I should probably preface this review by saying that my taste in literature typically belongs to the non-fiction and cookbook shelves of the book store. However, I am an avid reader of anything by Alexander McCall Smith and John Irving (two very different authors, I must note).
Importantly, prior to reading the uncorrected manuscript of the review book, I had just completed Vikram Seth's "Two Lives." Mind you, non-fiction or fiction, I will read anything Seth puts to paper. If you've never read his work, please read "The Golden Gate." It's a brilliant novel written completely in verse. Seth's also the author of the world's longest novel, "A Suitable Boy" (well worth several reads).
This is probably the toughest review to do because as a writer, I know the time and effort it takes to research and write a piece of merit. However, since I was asked to review Kate Jacobs' "Comfort Food" for this blog, I will do my level best to be honest and constructive without brutality.
While I am sure there are folks who will find this a pleasurable, light, quick read, I did not enjoy the book. As I said previously, I had just finished "Two Lives," which is an account of Seth's aunt's and uncle's lives told through letters and interviews. It's a pretty heavy book, and perhaps I thought "Comfort Food" might serve as a palate cleanser prior to my next Seth book, "From Heaven Lake."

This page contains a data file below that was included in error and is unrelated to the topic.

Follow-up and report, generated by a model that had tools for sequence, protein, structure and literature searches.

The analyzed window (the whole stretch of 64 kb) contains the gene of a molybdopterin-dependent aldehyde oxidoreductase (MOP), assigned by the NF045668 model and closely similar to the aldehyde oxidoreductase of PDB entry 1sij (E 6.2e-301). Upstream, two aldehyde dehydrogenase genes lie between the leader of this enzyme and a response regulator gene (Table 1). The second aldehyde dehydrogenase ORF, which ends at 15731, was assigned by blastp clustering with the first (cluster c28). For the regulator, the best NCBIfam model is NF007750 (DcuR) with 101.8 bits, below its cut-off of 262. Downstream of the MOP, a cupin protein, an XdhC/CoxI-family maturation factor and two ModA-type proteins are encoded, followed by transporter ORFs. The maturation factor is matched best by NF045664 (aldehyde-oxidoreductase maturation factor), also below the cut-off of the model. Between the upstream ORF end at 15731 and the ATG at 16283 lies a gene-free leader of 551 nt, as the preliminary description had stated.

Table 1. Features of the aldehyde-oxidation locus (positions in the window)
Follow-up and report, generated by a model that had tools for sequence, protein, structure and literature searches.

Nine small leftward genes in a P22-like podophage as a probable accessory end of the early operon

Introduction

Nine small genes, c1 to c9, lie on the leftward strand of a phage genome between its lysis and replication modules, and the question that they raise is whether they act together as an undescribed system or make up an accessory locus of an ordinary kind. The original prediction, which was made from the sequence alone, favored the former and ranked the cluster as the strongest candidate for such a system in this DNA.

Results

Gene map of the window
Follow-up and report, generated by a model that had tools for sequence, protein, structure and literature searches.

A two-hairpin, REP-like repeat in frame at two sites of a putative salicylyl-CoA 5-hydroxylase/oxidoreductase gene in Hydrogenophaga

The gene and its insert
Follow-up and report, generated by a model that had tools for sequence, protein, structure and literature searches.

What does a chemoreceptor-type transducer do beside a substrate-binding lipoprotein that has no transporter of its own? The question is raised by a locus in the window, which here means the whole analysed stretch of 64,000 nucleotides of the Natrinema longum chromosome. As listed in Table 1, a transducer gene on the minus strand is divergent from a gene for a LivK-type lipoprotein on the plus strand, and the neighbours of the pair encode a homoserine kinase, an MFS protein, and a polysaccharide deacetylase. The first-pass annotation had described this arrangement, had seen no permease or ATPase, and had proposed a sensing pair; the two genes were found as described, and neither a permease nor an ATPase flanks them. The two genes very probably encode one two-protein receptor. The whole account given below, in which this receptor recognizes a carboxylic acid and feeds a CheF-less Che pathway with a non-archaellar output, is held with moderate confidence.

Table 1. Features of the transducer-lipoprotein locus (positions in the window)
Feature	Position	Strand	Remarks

Regrettably, I could not identify with Jacobs' characters. They seemed shallow and thin to me in the shadow of the Seths. Yes, I know we're talking about real-life people compared to characters in a novel. And, to that I say, let's turn to Alexander McCall Smith's "44 Scotland Street" series for a non-fiction comparison. I find his characters to have incredible depth and voice (even the dog Cyril) -- and his are written within a few pages each day as a serial in "The Scotsman" newspaper.
I guess I like to find characters sympathetic. While I do have enormous sympathy for Gus' having lost her husband (I shudder to think what kind of shape I'd be in if I lost John), I just didn't feel like I wanted to know her better. During the whole book, it seemed as if I were a long arm's length away from an intimacy with any of the characters.
The story will appeal to many, I'm sure, because so many of us are familiar with the Food Network and its stars, as well as Martha Stewart's shows (I love Everyday Baking). But sadly, I thought it was trite and predictable all the way to the end. I wish I hadn't. I guess I'm a very demanding reader.
But please, as I feel with any review, don't just take my word for it. When the book becomes available in your local library, please check it out and read it for yourself. Maybe if I hadn't been steeped in such heavy subject matter before reading "Comfort Food" I might have enjoyed it thoroughly.
It's just not my flavor.